Mr. James I. Scheiner

Cullum: 25487

Class: 1965

Cadet Company: K2

Date of Birth: May 7, 1944

Date of Death: February 1, 2011

Died in Harrisburg, PA

Interred: Ashes scattered over Lake Muskoka, Ontario, Canada - View or Post a Eulogy


James I. ScheinerOn May 7, 1944, with the birth of James Ira Scheiner the world became a better place. Born in Minneapolis, Jim was always a bright student. Skipping a grade, he graduated early from Washburn High School in 1961, achieving the maximum score of 1600 on his SAT exam. He reported to West Point on the first Tuesday in July 1961, the youngest of 841 new cadets of the Class of 1965.

After Beast Barracks, Jim was assigned to Company A-2 and to Company K-2 after his yearling year. There Jim made lasting friends, enjoying cow and firstie years as best a cadet could while still maintaining his academic prowess. He grew to be a cadet leader in K-2 and was selected to be a member of the Class Committee and the Company Executive Officer in his First Class year.

Jim was a fit cadet and talented athlete. Besides intramural sports, he played intercollegiate tennis for three years at the Academy and developed a love of skiing. Jim was also on the Debate Council and Forum and participated in the Student Council of United States Affairs. He was a Sunday school teacher and sang with the Jewish Chapel Choir.

While at West Point, Jim particularly enjoyed social science courses which instilled in him a keen interest in government and national affairs which helped mold him into the individual he became later in life. Being in the top five percent of the class, Jim was a "Star Man" and was salutatorian of the graduating class of 596. Jim's academic achievements at West Point enabled him to attend graduate school immediately after graduation. He chose Princeton University, receiving two master's degrees, one in civil engineering and a second in public administration. Jim's duty assignment after Princeton was as the Engineer Operations Officer with the 101st Airborne Division in Vietnam. For his service, he received a Purple Heart, a Bronze Star, and two Commendation Medals. He then taught at the U.S. Army Engineer School. His last assignment was at West Point as commander of the 50th Engineer Company.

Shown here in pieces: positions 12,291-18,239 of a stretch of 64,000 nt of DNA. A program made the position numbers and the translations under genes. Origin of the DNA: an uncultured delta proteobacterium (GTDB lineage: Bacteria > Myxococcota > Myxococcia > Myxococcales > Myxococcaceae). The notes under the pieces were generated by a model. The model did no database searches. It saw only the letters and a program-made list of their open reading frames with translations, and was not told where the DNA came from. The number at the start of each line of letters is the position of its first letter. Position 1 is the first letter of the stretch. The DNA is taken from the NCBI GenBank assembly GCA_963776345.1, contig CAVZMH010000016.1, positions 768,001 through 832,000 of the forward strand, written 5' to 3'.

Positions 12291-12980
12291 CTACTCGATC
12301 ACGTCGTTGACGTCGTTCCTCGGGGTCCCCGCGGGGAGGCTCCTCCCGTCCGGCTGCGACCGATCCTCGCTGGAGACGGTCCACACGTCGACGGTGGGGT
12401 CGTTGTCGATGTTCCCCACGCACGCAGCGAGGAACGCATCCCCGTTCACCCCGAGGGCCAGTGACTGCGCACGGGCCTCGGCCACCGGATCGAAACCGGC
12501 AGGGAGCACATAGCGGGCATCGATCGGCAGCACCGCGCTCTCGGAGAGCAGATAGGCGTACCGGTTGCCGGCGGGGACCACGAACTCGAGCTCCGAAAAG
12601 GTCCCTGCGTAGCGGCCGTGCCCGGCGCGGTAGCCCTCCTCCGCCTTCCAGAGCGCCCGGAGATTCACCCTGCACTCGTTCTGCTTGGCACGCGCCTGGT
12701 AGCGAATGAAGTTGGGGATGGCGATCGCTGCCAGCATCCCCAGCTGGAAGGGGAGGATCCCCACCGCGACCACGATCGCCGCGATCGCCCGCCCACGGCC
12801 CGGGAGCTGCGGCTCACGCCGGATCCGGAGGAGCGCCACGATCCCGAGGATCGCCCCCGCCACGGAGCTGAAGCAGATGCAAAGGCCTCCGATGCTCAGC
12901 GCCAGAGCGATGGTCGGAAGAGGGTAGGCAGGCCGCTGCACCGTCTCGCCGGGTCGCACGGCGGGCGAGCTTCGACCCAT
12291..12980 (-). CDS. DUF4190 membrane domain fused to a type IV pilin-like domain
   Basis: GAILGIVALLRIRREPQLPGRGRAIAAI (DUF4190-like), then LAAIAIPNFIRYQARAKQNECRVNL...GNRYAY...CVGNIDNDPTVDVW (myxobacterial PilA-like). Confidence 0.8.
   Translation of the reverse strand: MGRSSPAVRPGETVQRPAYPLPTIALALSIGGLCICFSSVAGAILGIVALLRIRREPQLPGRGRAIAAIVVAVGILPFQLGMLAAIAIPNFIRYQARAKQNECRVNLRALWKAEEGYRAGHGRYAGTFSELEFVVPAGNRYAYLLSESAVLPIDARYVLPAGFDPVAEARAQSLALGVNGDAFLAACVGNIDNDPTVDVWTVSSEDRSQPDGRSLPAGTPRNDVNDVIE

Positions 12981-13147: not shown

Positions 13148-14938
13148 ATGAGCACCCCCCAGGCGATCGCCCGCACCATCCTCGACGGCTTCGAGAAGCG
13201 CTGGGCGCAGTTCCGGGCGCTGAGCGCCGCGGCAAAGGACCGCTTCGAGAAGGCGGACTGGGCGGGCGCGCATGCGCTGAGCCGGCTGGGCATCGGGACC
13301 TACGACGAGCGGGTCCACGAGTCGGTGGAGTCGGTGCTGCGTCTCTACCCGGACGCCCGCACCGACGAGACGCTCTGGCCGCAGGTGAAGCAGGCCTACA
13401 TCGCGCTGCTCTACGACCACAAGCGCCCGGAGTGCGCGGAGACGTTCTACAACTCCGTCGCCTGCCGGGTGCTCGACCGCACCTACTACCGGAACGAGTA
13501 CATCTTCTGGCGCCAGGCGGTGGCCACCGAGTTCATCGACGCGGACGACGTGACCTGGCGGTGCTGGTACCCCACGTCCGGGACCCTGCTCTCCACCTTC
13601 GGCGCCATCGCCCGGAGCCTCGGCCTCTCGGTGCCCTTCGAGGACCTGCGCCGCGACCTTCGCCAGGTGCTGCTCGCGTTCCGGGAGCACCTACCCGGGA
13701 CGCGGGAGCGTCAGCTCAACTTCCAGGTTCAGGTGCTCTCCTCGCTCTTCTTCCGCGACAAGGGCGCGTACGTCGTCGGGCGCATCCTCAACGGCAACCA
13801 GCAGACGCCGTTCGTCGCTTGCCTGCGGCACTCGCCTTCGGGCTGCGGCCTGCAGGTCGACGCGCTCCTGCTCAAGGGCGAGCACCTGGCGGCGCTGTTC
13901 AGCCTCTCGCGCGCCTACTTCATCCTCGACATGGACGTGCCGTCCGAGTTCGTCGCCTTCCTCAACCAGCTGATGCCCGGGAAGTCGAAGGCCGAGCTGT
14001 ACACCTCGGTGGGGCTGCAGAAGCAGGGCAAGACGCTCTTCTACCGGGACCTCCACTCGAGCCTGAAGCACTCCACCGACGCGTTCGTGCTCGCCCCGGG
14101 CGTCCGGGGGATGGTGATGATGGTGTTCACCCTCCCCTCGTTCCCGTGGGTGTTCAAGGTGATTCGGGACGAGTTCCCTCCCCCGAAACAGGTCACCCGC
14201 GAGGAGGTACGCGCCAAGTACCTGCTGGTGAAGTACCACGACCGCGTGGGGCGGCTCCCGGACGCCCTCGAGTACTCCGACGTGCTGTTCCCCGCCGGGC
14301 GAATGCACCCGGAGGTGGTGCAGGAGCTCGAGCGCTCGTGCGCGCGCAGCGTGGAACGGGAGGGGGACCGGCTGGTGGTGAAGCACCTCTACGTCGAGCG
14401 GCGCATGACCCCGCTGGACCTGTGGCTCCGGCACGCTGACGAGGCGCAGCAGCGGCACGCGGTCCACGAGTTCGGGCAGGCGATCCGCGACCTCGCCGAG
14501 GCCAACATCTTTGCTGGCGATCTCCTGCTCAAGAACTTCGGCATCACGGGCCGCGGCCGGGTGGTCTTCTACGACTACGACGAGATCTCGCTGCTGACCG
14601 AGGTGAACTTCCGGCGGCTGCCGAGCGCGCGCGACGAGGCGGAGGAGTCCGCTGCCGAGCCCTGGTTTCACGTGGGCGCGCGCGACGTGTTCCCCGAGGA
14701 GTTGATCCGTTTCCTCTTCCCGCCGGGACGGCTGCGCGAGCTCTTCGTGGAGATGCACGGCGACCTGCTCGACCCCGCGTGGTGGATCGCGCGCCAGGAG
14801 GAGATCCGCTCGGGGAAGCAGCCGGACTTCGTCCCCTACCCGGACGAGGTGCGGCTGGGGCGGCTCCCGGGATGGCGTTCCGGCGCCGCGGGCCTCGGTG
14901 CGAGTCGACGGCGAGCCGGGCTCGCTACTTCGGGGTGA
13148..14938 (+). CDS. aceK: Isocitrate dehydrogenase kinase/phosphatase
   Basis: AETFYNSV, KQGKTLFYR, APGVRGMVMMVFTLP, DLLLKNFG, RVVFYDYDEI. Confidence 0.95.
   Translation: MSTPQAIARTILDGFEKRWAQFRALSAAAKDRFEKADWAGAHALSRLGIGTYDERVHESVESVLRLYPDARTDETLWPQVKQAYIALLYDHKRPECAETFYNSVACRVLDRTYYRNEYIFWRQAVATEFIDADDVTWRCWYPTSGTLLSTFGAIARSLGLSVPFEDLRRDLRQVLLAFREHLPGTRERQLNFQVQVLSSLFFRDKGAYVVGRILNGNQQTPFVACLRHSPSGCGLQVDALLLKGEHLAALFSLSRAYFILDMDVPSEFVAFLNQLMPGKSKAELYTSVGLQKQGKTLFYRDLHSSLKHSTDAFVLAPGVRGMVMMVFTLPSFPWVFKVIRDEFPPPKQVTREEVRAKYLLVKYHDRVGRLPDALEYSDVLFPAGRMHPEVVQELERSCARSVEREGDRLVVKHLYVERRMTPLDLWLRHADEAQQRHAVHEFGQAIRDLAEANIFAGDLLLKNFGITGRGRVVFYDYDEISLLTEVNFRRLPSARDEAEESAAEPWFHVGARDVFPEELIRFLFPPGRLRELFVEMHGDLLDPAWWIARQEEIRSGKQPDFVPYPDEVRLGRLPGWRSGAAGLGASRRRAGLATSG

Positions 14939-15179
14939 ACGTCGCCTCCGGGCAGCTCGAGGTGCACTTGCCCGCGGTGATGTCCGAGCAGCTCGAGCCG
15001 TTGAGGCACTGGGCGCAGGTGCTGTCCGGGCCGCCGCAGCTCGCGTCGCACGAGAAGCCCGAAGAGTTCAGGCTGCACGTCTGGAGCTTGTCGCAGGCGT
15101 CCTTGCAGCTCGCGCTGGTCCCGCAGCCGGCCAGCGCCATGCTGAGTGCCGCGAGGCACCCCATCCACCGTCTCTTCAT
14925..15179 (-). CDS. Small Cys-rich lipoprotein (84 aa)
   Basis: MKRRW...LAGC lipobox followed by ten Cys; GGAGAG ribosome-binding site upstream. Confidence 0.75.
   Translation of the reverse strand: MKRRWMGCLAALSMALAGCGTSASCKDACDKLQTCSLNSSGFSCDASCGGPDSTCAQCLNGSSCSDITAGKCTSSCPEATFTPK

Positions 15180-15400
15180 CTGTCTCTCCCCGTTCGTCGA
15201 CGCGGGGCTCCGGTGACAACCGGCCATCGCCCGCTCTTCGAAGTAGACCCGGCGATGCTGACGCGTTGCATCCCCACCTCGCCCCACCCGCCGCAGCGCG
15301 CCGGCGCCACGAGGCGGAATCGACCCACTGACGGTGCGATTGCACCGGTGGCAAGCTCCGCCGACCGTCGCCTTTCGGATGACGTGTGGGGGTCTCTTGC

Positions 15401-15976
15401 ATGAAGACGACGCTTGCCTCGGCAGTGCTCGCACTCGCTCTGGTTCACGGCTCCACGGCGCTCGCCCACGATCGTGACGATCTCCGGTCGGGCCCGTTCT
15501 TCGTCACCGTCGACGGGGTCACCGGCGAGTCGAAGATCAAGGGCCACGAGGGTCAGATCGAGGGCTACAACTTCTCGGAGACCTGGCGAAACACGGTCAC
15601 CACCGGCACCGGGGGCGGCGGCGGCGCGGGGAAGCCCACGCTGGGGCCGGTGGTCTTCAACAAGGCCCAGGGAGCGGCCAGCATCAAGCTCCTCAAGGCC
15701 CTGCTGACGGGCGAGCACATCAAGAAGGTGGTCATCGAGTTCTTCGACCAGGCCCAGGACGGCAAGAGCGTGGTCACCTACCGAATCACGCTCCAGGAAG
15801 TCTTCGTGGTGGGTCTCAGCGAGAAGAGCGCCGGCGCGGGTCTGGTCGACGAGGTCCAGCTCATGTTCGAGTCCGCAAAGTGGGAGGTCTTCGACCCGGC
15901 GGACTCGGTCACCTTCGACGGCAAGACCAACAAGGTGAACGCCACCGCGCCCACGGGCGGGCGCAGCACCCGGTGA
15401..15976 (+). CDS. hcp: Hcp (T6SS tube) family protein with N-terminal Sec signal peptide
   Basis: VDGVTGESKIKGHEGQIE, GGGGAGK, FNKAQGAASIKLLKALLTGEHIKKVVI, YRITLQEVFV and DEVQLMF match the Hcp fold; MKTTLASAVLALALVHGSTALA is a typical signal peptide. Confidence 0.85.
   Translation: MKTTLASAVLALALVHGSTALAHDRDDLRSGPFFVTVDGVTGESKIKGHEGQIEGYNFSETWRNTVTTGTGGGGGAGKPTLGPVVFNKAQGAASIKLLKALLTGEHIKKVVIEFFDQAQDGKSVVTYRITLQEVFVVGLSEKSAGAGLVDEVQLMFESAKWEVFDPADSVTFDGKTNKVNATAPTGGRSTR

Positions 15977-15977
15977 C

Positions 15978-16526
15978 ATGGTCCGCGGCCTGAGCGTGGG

While serving this tour at West Point Jim heard there was going to be a "small" rock concert at a farm north of West Point. Jim obtained four tickets. Hearing that the highways were blocked with traffic, Jim obtained a military map showing all the back roads and fire trails. Using his keen topographical skills, he was able to attend the concert, sans military uniform. He always felt that he was the sole Vietnam veteran at Woodstock and the only individual who paid for tickets.

Upon leaving the Army, Jim joined Booz, Allen & Hamilton in Philadelphia where he developed expertise in public transportation. In 1979, Jim was appointed Deputy Secretary of the Pennsylvania Department of Transportation. Performing such an outstanding job in that position, Governor Dick Thornburgh appointed him Secretary of the Pennsylvania Department of Revenue in 1983. There, Jim established himself as a dedicated public servant and a highly competent tax administrator. As Secretary, Jim brought modern management skills to the agency, proposed and implemented new tax laws, and revamped its computer and delinquent tax collection systems. Jim always felt that his time with Pennsylvania State government was "his most rewarding hour."

Following eight years of government service, Jim returned to the private sector as Vice President of Huth Engineers, President of Stoner Associates, President of Benatec Associates, and Vice President of Century Engineering. Jim continued to assist Pennsylvania governmental committees in his quest to improve state government. Jim served on numerous business-related, educational, and charitable boards in central Pennsylvania.

Like a valiant soldier, Jim courageously battled cancer for over twelve years. In October 2010, a few months before he lost the struggle, Jim and his wife Kristin journeyed to West Point for his 45th Class Reunion. Although just released from a lengthy stay in the hospital, Jim insisted that he attend. Knowing deep down it was his last class reunion, he had to say goodbye to lifelong friends and bid farewell to West Point, his onetime rockbound home on the Hudson.

While attending the Class Memorial Service convened in the Cadet Chapel, Jim listened intently during the reading of the names of deceased classmates and later sang the Corps and the Alma Mater. At that moment, Jim was especially proud and very thankful--rightfully proud for his many accomplishments and thankful for the life he had the opportunity to live, and especially thankful for his loving wife and children, Alec, Zachary, and Meredith.

After a reunion breakfast in the Mess Hall, Jim recognized a friend from Company K-2, a classmate who also had a serious disease, and for a few moments they reflected on their medical treatments. As they departed, the classmate said, "Jim, I don't know whether I ever thanked you for the tutoring you gave me as a cadet. Without you, I never would have made it through West Point, and my life never would have been the same." Those words explain the true man Jim was--always available and willing to help another human being in need.

Overall, Jim lived a life of service to his country, his state, and his community; he was successful in all he did and achieved, leaving the world a considerably better place. The motto for the Class of 1965 is "Strength & Drive." Jim lived that phrase to the fullest in all he did. All who crossed Jim's path during his life will deeply miss him.